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Neurology

Houston, Texas

The Cullen Building at Baylor College of Medicine.
Department of Neurology
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Jeffrey L. Noebels, M.D., Ph.D.

Professor of Neurology, Neuroscience, and Molecular and Human Genetics [view Neuroscience | Genetics profiles]

Cullen Trust for Health Care Endowed Chair in Neurogenetics

Director, Blue Bird Circle Developmental Neurogenetics Laboratory

Board Certification

American Board of Psychiatry and Neurology, Neurology

Medical School

M.D., Yale University, Conn.

Graduate School

Ph.D., Stanford University, Calif.

Residency

Neurology, Massachusetts General Hospital, Boston, Mass.

Clinical Interests

Epilepsy and inherited neurological disease

Research Interests

The principal research strategy in the Developmental Neurogenetics Laboratory is to apply mutational analysis to learn how genes regulate neuronal excitability and network synchronization within the mammalian central nervous system. Spontaneous and transgenic mutations that express neurological phenotypes in the mouse provide a valuable opportunity to identify excitability genes and examine their role in synaptic plasticity in the developing brain. Brain wave (EEG) phenotypes emerge from altered neuronal signaling properties, and are of special interest. Six mouse mutants causing spike-wave synchronization of the neocortex have been discovered in our laboratory, and four (tottering, lethargic, ducky, and stargazer) are linked to mutations of subunits of neuronal voltage-gated calcium ion channels. Study of these mice have led to the identification of novel members of the gene family, and a new understanding of how related molecules rescue function and determine selective vulnerability within thalamocortical pathways. Other new mouse models for human epilepsy syndromes involving mutant ion channel, receptor, and synaptic vesicle proteins are being analyzed to pinpoint the neural network and specific electrophysiological abnormalities characteristic of the human disorder. We also explore the presynaptic release process and activity-induced changes of downstream gene expression in epileptic brain to identify regulatory pathways that are critical mechanisms of disease progression.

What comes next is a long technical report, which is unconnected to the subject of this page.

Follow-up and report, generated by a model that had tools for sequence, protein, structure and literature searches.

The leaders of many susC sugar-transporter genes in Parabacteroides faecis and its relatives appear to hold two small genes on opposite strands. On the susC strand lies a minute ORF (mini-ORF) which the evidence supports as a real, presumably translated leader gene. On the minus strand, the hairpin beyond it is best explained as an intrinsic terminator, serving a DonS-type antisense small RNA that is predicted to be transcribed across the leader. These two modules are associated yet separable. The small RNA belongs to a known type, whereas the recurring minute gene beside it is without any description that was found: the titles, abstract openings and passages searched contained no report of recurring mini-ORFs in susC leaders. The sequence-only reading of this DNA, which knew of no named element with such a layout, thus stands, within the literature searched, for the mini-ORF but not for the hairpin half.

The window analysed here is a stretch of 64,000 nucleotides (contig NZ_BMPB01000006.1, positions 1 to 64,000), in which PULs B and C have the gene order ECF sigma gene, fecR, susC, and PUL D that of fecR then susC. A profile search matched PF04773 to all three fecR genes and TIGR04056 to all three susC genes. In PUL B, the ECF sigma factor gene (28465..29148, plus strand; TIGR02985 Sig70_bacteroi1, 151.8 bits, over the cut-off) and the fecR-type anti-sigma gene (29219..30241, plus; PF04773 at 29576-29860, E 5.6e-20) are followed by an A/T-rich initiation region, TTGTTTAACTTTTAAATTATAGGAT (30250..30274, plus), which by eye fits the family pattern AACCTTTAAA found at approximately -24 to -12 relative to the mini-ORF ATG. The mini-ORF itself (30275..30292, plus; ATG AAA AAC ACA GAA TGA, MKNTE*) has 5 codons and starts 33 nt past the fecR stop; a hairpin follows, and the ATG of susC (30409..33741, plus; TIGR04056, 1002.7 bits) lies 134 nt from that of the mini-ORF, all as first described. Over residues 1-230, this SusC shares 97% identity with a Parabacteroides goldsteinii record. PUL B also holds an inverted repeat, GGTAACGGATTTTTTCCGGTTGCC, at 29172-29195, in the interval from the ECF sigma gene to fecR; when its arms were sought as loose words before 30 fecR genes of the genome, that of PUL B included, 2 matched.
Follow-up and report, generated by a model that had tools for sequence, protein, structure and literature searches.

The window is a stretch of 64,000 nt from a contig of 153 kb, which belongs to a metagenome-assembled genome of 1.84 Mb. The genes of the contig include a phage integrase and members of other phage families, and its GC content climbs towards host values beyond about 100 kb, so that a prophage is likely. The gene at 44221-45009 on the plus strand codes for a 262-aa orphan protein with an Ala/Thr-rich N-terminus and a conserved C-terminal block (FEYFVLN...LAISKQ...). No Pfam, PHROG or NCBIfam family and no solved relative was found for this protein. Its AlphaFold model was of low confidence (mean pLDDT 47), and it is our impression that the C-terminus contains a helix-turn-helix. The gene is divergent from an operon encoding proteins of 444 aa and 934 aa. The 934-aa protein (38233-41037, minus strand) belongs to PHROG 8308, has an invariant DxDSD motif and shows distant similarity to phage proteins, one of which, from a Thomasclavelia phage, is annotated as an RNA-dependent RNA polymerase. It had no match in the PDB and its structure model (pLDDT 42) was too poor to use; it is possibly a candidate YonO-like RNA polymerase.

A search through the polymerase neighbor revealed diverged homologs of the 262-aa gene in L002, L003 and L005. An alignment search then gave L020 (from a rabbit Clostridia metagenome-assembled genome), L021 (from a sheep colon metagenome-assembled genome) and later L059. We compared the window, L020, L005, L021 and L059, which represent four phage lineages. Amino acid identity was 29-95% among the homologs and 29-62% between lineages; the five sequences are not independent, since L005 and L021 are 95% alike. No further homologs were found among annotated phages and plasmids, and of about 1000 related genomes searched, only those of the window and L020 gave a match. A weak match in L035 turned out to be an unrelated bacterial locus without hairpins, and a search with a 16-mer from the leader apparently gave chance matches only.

At present, mutant mouse models of inherited disorders in neuronal excitability are under investigation using in vitro cell physiology and optical fluorescence measurements of ion channel activity and exocytosis in presynaptic terminals of mouse brain slices, as well as molecular anatomical techniques including laser-capture microspcopy and realtime quantitative PCR, in situ hybridization and immunohistochemistry, and microarray analysis of seizure-activated mRNAs. These studies form the basis for development of strategies to selectively correct the tissue expression of neuronal gene errors early in development.

In collaboration with the Baylor Human Genome Sequencing Center, a large-scale translational genomic research study examining variants in human ion channel genes is currently in progress. The Human Channelopathy Project will evaluate the contribution of SNP profiles in several hundred ion channel subunit genes to the complex inheritance of neurological excitability disorders such as epilepsy.